January 24, 2012

What is SOPA Why does it matter?

By Michelle Eigenheer–

Students all across the nation had to resort to doing legitimate research on Wednesday when they found that the popular resource website Wikipedia was almost completely inaccessible.

Wikipedia, along with websites such as Reddit and Tumblr, blacked out the majority of their websites in order to protest the Stop Online Piracy Act, known as SOPA, and the Protect Intellectual Property Act (PIPA), which have recently been big bills in the House and Senate, respectively.

These bills, prominent in the media since around November, have the entire Internet electrified with protest and confusion. The acts would ultimately prevent any website from presenting copyrighted information, including photo and video content. This means a major deflation of content for a lot of big websites. Google, Yahoo, Facebook, Youtube, Twitter – they’re all going to suffer tremendously.

The average person will also take a hit. No longer will people be able to Google the newest pictures of Jessica Alba or Youtube video reenactments of the “Single Ladies” dance. No more will screen caps of “The Big Bang Theory’s” Sheldon be available for nerd-lovers to enjoy, and you might as well say goodbye to all of that music you were looking forward to illegally downloading.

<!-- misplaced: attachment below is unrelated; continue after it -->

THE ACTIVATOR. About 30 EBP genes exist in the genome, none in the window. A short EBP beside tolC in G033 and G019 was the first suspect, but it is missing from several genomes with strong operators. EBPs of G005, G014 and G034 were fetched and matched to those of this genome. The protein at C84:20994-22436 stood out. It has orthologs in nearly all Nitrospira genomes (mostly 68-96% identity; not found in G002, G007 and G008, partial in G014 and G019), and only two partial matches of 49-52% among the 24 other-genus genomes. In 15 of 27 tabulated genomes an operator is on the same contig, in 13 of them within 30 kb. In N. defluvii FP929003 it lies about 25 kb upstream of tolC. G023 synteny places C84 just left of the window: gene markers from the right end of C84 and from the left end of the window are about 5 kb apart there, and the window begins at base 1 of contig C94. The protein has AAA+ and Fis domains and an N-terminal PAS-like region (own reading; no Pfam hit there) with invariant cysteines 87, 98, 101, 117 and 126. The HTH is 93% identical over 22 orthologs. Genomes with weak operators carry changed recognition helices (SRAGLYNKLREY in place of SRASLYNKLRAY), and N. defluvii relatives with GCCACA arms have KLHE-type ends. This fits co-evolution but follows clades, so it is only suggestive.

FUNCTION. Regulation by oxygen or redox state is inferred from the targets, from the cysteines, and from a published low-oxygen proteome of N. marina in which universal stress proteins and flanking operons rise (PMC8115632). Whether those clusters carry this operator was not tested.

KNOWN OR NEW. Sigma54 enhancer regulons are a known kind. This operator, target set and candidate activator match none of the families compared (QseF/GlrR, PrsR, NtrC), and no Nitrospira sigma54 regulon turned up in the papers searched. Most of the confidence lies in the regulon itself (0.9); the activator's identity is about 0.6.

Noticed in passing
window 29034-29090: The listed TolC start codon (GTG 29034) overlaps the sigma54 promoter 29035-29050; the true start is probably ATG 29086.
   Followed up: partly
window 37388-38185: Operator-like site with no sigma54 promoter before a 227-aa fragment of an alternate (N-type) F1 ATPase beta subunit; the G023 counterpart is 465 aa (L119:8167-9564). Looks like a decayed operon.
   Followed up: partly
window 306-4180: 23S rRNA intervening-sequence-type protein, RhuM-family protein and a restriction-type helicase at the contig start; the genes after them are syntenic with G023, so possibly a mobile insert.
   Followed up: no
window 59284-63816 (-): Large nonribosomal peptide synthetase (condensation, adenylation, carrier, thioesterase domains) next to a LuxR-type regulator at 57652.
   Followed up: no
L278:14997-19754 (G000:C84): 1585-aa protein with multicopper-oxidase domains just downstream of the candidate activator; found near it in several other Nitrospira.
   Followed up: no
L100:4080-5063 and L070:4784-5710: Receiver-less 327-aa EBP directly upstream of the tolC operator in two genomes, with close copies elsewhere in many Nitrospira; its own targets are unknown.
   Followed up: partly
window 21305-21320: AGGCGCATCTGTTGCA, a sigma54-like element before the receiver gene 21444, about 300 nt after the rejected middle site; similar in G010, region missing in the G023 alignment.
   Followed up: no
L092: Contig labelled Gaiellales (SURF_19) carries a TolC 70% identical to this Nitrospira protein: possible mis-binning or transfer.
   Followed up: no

Don’t worry too much, though – Wednesday’s virtual protest did some good. Because of the widespread opposition and the influx of calls to representatives, the number of Representatives who opposed SOPA reportedly grew from 31 to 101 in just one day. This was enough to convince both parts of Congress to hold the bill for a later time, buying the Internet just a little bit longer to find a way out of the situation. Internet users are vital to keeping these acts from turning into law. Call your local Representatives and voice your opinion before it’s too late.

ABOVE: The Republican party has yet to show any candidates to be taken seriously. Obama’s lack of competition seems to guarantee his reelection.

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Cartoon illustration by Michael Layman/The Louisville Cardinal

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